Now, of course, religious buildings are within Class F.1(f), along with “public halls“. Whereas “Hall[s] or meeting place[s] for the principal use of the local community” are within F.2(b). No – I don’t know the difference (and good luck to the Church of England, and others no doubt, trying to work out whether its parish halls are public halls, buildings used in connection with public worship, or halls for the principal use of the local community).
But irrespective of that, as we’ve just seen, childcare is now within Class E. This may mean that planning permission is required when such buildings are sold on, and perhaps reduce their value given that there will be fewer other uses that can potentially operate from within them without the need for planning permission. Often childcare operators are the most enthusiastic acquirers of such spaces.
But, also, perhaps, is there is going to be a debate as to whether planning permission is required to run childcare facilities from a Class F.1 / F.2 building and at what point a change of use occurs? I can think of several public / church / village halls used extensively during the week as playgroups, nurseries and day centres.
They’ve never needed to worry before about entangling themselves in the tentacles of the planning system and the somewhat impractical requests that sometimes seem to come up when what should be simple use questions are raised, such as bin store design, car and bike parking, energy use, etc. I hope that this won’t start now.
Local shops for local people
I’ve left my favourite quirk to last. This is the ‘village shop’ category, Class F.2(a). These have to sell “essential goods“, whatever those may be, “including food“. My grammar isn’t good enough to work out whether the reference to food is prescriptive or illustrative – that is, whether food is simply an example of an ‘essential good’ or that, to be a ‘local shop’, some of the goods must be food.
Such shops would, therefore, need planning permission to change to ‘ordinary’ Class E shops. This would happen, I suppose, were they to stop selling those essential goods – although again presumably as long as they carried on selling some of those mysterious essential goods alongside new lines of “unessential goods”, that would be OK?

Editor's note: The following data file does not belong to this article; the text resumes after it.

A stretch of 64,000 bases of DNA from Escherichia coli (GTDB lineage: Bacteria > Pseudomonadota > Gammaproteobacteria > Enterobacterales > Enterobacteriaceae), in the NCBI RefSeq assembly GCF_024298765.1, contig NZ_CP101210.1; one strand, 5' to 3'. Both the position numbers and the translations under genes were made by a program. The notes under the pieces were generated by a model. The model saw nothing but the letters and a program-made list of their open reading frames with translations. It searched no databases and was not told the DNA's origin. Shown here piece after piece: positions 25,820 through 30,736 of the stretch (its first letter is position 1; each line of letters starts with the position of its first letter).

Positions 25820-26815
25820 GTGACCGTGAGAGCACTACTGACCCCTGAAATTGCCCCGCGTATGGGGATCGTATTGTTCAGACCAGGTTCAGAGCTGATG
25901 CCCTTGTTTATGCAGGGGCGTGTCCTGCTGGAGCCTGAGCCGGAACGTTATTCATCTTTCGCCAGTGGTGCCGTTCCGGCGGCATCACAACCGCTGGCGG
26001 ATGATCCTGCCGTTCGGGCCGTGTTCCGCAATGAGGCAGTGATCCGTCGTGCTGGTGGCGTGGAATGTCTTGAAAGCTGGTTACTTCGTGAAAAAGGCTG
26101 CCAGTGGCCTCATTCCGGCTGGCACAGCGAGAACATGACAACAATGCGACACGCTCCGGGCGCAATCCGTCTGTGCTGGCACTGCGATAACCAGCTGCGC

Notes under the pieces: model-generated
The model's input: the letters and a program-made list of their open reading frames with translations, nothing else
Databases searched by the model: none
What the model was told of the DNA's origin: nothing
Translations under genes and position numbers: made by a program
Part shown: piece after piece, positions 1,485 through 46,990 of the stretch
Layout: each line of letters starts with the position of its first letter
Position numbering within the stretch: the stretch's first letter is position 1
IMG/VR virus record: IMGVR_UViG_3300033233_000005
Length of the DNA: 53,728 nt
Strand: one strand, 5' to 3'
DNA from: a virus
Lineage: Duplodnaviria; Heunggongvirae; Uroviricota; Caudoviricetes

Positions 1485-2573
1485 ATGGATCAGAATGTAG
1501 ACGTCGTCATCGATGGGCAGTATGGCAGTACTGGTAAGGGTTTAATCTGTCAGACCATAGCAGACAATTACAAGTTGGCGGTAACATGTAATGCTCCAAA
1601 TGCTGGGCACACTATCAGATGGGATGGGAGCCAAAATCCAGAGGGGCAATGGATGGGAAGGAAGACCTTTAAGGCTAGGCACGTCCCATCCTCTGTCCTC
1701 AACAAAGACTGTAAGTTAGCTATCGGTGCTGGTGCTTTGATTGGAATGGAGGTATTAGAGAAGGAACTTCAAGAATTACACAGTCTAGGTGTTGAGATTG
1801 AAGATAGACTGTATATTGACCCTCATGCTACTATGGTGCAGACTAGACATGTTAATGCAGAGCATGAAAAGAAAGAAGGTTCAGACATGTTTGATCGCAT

However, they – of course – wouldn’t need planning permission to change use to a swimming pool or ice rink.
But the best bit is that, to be a Class F.2(a) shop, rather than a common-or-garden Class E(a) shop, there also needs to not be “another such facility” in 1,000m radius. Now, in one sense, I get this, as an attempt to protect the local village shop, but the effect seems to be that one could find one’s premises changing use class purely because of the actions of someone else, elsewhere, opening or closing another shop (or indeed, starting to sell, or ceasing to sell, those good-old “essential goods”).
Strictly, such a change of use would be development, and thus require planning permission, even though absolutely nothing would have changed at the shop in question at all.
In fairness, the PPG does appear to try to address the point by noting that “Whether a shop falls within this class will be based an assessment of the facts of case at the time the determination is made”, which I think translates as ‘don’t worry about it until necessary’. And this will probably occur infrequently in practice. Nevertheless, this does strike me a bit of an oddity, as the only example I can think of of a planning change of use potentially being triggered by the actions of someone else, potentially up to a kilometre away from the site in question.